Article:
Montgomery County prosecutors lashed into Bill Cosby in their final pitch to jurors Tuesday, painting him as a serial sexual predator who hid for decades behind his reputation as "America's Dad" to lure unsuspecting young women into situations where they were powerless to resist his advances.
"He is nothing like the image he plays on TV," Assistant District Attorney Kristen Feden said in an impassioned address to the panel of seven men and five women hearing the case. "He utilized that image and cloaked it around himself, so he could gain the trust of young, unsuspecting women to sexually assault them and strip their ability to say no."
Feden and her cocounsel, M. Stewart Ryan, pushed back hard against defense attempts earlier in the day to discredit Andrea Constand, the case's central accuser, as a "con artist" and a grifter.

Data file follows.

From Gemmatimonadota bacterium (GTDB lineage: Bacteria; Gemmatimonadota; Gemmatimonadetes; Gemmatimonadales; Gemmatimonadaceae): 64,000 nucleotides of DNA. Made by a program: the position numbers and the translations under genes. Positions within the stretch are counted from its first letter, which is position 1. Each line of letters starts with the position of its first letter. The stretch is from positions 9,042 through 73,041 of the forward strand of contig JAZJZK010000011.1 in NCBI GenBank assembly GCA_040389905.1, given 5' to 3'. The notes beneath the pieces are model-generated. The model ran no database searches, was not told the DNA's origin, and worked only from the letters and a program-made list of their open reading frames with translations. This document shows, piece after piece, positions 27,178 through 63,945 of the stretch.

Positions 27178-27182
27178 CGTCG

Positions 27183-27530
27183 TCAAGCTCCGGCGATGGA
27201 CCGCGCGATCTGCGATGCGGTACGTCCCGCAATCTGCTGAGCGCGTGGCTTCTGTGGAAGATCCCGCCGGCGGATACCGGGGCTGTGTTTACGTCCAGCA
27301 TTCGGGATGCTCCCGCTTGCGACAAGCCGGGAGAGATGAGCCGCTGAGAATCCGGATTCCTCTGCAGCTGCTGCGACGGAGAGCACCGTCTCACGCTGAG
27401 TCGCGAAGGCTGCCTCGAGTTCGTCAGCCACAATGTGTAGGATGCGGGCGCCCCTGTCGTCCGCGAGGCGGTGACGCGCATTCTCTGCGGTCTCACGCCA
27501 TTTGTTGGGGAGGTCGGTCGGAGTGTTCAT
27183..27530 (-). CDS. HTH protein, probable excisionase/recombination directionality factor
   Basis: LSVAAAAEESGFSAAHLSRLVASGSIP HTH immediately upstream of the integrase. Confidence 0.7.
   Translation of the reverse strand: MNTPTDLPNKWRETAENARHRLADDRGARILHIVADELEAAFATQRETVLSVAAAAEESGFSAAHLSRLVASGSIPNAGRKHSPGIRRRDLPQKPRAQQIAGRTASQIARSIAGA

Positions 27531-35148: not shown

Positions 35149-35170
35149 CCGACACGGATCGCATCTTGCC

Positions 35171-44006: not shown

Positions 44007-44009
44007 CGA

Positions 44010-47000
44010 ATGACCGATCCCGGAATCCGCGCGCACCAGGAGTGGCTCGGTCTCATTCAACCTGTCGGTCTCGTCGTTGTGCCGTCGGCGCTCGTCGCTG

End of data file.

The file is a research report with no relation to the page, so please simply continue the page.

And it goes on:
They responded contemptuously to what they described as "utterly shameful" and "filthy" efforts by Cosby's lawyers to tear down the five other women who testified against the 80-year-old entertainer at trial.
"She's the exact reason that women and victims of sexual assault don't report this crime," Feden said, pointing at defense lawyer Kathleen Bliss, who had in her own closing argument hours earlier dismissed each of the women one-by-one as "failed starlets," gold diggers, or sexually promiscuous liars. "How dare she call these women moral-less?"
As for Cosby, Feden stood feet from the comedy icon, pointing directly at the uncomfortable smile playing across his face.
"There's nothing funny about that, Mr. Cosby," she said. "And there's nothing funny about five different women plus Ms. Constand being incapacitated, stripped of their autonomy, and being unable to say, 'I don't want to engage in sexual contact.' There's nothing funny about 'No.' "